KELOWNA - The 2015 citizens survey is due out in a couple of weeks and the city is expecting to do as good or better in most categories. But city officials might be surprised to find they’re doing great in a category they don’t even measure — communications with the media.
While journalists love to gripe about how governments of all levels get in the way of the information they are seeking, most around here change their tune when talking about the City of Kelowna.
“The City of Kelowna is the exception to the rule,” says Chris Walker, a local CBC radio journalist. “They are the gold standard.”
Unlike other levels of government, and indeed, unlike most other civic administrations in B.C., media communications at the city are decentralized, allowing journalists to contact what Kelowna's communications supervisor Tom Wilson calls “subject experts” without having to go through the dreaded communications officer.
Wilson is a former journalist himself and knows the value his former colleagues place on unfettered access.
“The benefits of connecting reporters directly far outweighs the risks by a mile,” Wilson says. He adds the philosophy of open access predates his time and is really just an extension of how the city operates overall.
“We are an open organization,” he says. “Almost all our work is done in public anyway.”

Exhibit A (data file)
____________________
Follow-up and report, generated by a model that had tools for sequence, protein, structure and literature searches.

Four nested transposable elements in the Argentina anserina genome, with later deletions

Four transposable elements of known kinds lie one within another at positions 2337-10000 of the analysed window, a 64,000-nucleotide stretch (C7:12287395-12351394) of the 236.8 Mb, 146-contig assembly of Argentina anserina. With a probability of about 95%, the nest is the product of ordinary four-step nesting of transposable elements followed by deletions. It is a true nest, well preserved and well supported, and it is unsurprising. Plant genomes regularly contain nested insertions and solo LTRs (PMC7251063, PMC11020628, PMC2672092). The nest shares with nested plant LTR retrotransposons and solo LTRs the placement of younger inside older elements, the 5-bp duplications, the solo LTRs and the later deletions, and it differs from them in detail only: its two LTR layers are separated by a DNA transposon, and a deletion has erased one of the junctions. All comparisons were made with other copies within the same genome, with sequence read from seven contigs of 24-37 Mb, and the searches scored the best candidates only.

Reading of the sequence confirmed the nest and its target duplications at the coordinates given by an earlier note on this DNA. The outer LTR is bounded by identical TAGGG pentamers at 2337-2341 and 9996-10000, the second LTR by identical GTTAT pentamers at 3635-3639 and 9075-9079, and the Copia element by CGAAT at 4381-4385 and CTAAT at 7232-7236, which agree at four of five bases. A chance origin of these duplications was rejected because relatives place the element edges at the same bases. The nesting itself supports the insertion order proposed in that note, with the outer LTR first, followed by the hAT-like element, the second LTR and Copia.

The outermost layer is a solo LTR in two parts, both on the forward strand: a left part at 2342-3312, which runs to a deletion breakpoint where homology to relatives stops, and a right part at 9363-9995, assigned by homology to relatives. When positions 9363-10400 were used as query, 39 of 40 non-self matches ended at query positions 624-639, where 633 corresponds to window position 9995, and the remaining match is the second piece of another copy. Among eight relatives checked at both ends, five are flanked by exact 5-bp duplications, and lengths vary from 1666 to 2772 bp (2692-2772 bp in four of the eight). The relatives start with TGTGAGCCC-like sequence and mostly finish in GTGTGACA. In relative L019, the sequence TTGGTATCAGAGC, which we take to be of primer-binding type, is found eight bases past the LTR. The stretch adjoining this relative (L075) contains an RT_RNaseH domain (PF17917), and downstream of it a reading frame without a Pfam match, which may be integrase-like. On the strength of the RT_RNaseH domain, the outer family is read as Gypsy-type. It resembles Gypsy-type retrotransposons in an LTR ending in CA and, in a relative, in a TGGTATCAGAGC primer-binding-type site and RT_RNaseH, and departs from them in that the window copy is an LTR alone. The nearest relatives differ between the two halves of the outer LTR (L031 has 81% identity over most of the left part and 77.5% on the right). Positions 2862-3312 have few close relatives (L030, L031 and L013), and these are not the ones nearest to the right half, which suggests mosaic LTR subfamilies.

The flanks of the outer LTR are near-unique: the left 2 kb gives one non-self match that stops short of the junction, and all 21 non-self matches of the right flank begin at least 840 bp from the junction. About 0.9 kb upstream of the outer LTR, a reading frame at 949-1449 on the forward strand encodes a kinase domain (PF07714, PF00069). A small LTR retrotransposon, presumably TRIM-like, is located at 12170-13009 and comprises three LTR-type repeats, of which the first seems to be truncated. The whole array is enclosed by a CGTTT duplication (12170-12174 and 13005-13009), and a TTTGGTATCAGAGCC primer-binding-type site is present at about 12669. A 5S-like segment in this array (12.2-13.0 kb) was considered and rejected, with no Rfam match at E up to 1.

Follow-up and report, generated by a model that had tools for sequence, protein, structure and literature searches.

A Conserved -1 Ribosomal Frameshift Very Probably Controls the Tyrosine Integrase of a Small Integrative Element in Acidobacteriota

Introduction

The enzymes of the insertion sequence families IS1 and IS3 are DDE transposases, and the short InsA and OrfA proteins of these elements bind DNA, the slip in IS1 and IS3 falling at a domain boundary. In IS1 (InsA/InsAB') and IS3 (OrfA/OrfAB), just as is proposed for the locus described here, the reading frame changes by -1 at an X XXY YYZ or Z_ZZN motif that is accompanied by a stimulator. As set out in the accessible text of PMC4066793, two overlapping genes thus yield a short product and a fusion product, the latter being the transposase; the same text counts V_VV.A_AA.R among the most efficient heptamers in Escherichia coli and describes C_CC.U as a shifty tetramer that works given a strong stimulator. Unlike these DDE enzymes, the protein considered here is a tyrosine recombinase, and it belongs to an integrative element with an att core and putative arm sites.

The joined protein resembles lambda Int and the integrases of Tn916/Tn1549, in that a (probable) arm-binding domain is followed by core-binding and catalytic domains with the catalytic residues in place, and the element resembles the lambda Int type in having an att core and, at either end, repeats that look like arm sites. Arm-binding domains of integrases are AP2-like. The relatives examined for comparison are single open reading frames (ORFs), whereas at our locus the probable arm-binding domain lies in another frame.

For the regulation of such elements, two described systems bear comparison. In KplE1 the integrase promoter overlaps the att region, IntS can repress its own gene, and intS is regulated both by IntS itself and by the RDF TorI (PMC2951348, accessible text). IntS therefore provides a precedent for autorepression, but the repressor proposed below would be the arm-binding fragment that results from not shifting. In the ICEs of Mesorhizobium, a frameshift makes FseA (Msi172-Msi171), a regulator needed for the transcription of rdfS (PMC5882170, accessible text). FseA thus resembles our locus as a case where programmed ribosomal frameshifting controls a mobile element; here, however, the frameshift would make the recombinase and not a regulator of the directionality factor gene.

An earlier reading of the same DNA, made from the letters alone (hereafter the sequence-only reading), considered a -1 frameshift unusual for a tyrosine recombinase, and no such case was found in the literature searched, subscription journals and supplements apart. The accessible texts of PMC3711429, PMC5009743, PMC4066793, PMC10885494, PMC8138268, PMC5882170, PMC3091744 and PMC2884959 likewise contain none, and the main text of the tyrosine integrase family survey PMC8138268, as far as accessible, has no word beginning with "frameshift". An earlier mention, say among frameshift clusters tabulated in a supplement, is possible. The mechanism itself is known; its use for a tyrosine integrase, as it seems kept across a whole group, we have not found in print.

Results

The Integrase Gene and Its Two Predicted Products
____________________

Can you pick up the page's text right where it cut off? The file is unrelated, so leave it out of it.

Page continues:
Wilson recalls running into communications handlers in government and the tactics they use.
“You can’t help but wonder if you’re getting the full story,” he says.
But the city doesn’t just thrust someone in the planning department or the waste water treatment plant in front of the media.
“We give media training as part of the deal,” Wilson says. “We invite you guys (reporters) in to speak to staff and introduce ourselves and tell them ‘here’s our approach and why we do what we do.’ That way, we’re not just nameless, faceless voices over the phone.”
Some take to the media training better than others, but all staff are empowered to speak to the media about their own division and area of expertise or connect them with someone who is. He says that includes the gardener on the street or any other city worker.
While there is no accurate measure of journalist satisfaction with the system, Wilson says the payoff comes with the trust it engenders.
“Trust amongst the media translates into trust among citizens,” he says. “When somebody is saying the same message over and over, or it seems rehearsed, people become suspicious."
Wilson says he knows anecdotally that Kelowna receives far fewer Freedom of Information requests than other communities of similar size, which could be a result of the City's media strategy.
Media relations is just one aspect of the city’s overall communications strategy, which Wilson describes as “audience centered” and includes everything from social media to online forums and electronic newsletters.
“The city’s email news service, in which the public can have information sent straight to their in-boxes, now has a subscriber base of more than 10,000,” he says. “We try to reach people where it’s most convenient for them."
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